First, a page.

The People did not ask the MCDF employee directly whether or not she provided Holmes with the reason for the prohibition and Holmes's counsel did not cross-examine the MCDF employee. Moreover, the trial court did not make any factual finding as to Holmes's actual knowledge (as opposed to constructive knowledge via the MCDF's signs) of the "reason behind the MCDF's prohibition of these items." Maj. op. at 408.

Accordingly, we do not know whether or not Holmes had actual knowledge sufficient to warrant prosecution of the underlying charge. This is a factual matter which was not decided by the trial court. If it is potentially dispositive, as the majority opinion implies, this case should be remanded to determine that question.

B.

In reviewing Holmes's argument that the MCDF's notice in this case was inadequate, the majority makes reference to Holmes's assertion that the administrative head of the MCDF failed to determine that cigarettes or matches pose or may pose a security threat prior to the charge against Holmes. See id. at 413. The majority states:

The parties presented the trial court with conflicting evidence on this issue, and the trial court did not resolve this conflict. Because our analysis below concerns the notice of the contraband determination, regardless of when it was made, our ultimate decision does not depend upon the resolution of this factual dispute, and we express no opinion on this dispute.

Id. The majority's discussion of Holmes's assertion that the MCDF simply developed post-hoc rationalizations for the cigarette and matches prohibition is, as the majority recognizes, unrelated to its analysis. However, because the majority refers to this "factual dispute" and a reading of the majority's opinion does not provide context for this alleged dispute, it is important to explain the nature of the parties' arguments based on the record before this court.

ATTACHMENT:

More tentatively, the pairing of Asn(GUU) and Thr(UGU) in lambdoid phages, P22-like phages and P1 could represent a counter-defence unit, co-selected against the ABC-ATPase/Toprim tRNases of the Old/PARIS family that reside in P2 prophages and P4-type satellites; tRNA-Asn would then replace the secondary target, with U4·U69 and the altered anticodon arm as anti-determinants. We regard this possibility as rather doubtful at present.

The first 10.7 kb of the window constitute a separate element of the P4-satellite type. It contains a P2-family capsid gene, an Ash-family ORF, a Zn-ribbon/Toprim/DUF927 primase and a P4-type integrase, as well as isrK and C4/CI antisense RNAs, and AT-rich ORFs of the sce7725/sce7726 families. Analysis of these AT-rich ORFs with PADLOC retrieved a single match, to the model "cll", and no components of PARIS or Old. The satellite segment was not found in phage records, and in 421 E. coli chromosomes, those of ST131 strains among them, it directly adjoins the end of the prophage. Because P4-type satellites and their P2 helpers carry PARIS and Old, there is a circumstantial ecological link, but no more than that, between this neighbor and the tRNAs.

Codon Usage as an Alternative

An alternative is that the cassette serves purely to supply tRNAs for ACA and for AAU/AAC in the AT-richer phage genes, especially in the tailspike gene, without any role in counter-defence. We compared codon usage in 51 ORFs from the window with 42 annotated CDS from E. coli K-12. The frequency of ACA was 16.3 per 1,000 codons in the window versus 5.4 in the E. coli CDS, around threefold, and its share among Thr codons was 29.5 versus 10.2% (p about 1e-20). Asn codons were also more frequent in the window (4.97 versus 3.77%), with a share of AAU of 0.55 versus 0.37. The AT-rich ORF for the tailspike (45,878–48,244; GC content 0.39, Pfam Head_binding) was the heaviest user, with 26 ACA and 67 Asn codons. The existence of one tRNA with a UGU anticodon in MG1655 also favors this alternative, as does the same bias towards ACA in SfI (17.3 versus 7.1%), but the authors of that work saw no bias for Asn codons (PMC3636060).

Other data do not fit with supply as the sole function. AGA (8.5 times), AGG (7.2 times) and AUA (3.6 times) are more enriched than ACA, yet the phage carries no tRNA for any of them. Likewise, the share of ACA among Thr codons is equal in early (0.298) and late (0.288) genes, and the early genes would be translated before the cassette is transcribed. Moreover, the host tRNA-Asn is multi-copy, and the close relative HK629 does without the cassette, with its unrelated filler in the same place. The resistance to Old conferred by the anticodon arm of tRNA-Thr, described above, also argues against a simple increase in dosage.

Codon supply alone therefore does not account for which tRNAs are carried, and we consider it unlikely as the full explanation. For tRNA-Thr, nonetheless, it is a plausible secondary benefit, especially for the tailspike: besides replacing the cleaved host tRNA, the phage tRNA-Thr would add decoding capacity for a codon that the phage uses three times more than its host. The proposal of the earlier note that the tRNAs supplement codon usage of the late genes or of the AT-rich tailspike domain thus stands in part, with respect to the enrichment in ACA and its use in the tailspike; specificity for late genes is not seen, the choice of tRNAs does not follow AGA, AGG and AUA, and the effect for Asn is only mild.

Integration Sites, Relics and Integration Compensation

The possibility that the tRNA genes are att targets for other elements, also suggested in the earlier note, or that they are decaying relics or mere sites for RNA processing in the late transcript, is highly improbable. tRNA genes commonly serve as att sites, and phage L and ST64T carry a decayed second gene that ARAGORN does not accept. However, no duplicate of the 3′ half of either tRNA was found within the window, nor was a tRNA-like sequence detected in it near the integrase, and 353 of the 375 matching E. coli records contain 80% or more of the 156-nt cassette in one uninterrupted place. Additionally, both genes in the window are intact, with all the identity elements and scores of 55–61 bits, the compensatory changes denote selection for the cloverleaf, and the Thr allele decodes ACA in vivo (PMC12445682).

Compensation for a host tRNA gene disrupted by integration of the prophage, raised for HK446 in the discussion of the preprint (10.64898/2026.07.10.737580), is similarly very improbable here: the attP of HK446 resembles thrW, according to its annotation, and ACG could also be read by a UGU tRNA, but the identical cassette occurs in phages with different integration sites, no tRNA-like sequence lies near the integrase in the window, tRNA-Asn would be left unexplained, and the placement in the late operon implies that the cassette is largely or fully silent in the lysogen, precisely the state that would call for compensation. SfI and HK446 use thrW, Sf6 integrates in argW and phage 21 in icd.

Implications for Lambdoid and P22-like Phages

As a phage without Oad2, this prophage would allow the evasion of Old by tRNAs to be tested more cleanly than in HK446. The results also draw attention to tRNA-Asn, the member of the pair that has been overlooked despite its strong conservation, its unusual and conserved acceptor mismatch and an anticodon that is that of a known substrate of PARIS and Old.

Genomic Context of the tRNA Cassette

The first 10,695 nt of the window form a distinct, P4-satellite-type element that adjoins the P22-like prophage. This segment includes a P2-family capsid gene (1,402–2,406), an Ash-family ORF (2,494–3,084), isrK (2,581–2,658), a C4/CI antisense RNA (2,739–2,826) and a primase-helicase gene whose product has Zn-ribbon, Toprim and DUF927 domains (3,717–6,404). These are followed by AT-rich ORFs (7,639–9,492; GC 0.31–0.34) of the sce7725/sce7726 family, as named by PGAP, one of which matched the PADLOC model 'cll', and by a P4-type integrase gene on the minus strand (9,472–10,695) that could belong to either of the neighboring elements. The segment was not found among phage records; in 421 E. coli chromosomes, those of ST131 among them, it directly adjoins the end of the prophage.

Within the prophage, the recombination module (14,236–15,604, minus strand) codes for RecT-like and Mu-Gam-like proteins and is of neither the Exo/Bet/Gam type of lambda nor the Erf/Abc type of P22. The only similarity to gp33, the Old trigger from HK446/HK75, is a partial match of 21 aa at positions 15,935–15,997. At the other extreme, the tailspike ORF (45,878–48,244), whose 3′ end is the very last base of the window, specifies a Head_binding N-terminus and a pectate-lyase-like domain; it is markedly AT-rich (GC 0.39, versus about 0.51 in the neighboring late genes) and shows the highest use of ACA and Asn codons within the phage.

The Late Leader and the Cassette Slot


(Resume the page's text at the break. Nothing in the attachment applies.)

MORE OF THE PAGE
At the motion to dismiss hearing, the current and past administrative heads of the MCDF testified as to the security threats that matches and cigarettes posed to the facility. David Wooley, the current administrative head of the MCDF, testified that past inmates have attempted to "arc" electrical wires in the facility to light a cigarette or some other smokeable item, and such arcing can cause power outages in the facility. Dennis Berry, the first administrative head of the MCDF, testified that a lit cigarette can be used to start fires in remote areas of the facility and to set off fire alarms, which in turn creates safety and security concerns when inmates are moved out of the facility. Additionally, both Berry and Wooley testified that inmates may treat cigarettes as a commodity, which according to Berry, can lead to gambling, bartering, assaults, and sexual assaults. Inmates may also use cigarettes to short-circuit electrical systems and to hide or conceal other items, such as razor blade pieces. As for matches, Berry testified that inmates may use matches to make a simple explosive device by "cut[ing] off their heads, put[ing] them together, usually wrap[ing] them with some kind of a foil ... [and] build[ing] a fuse to them."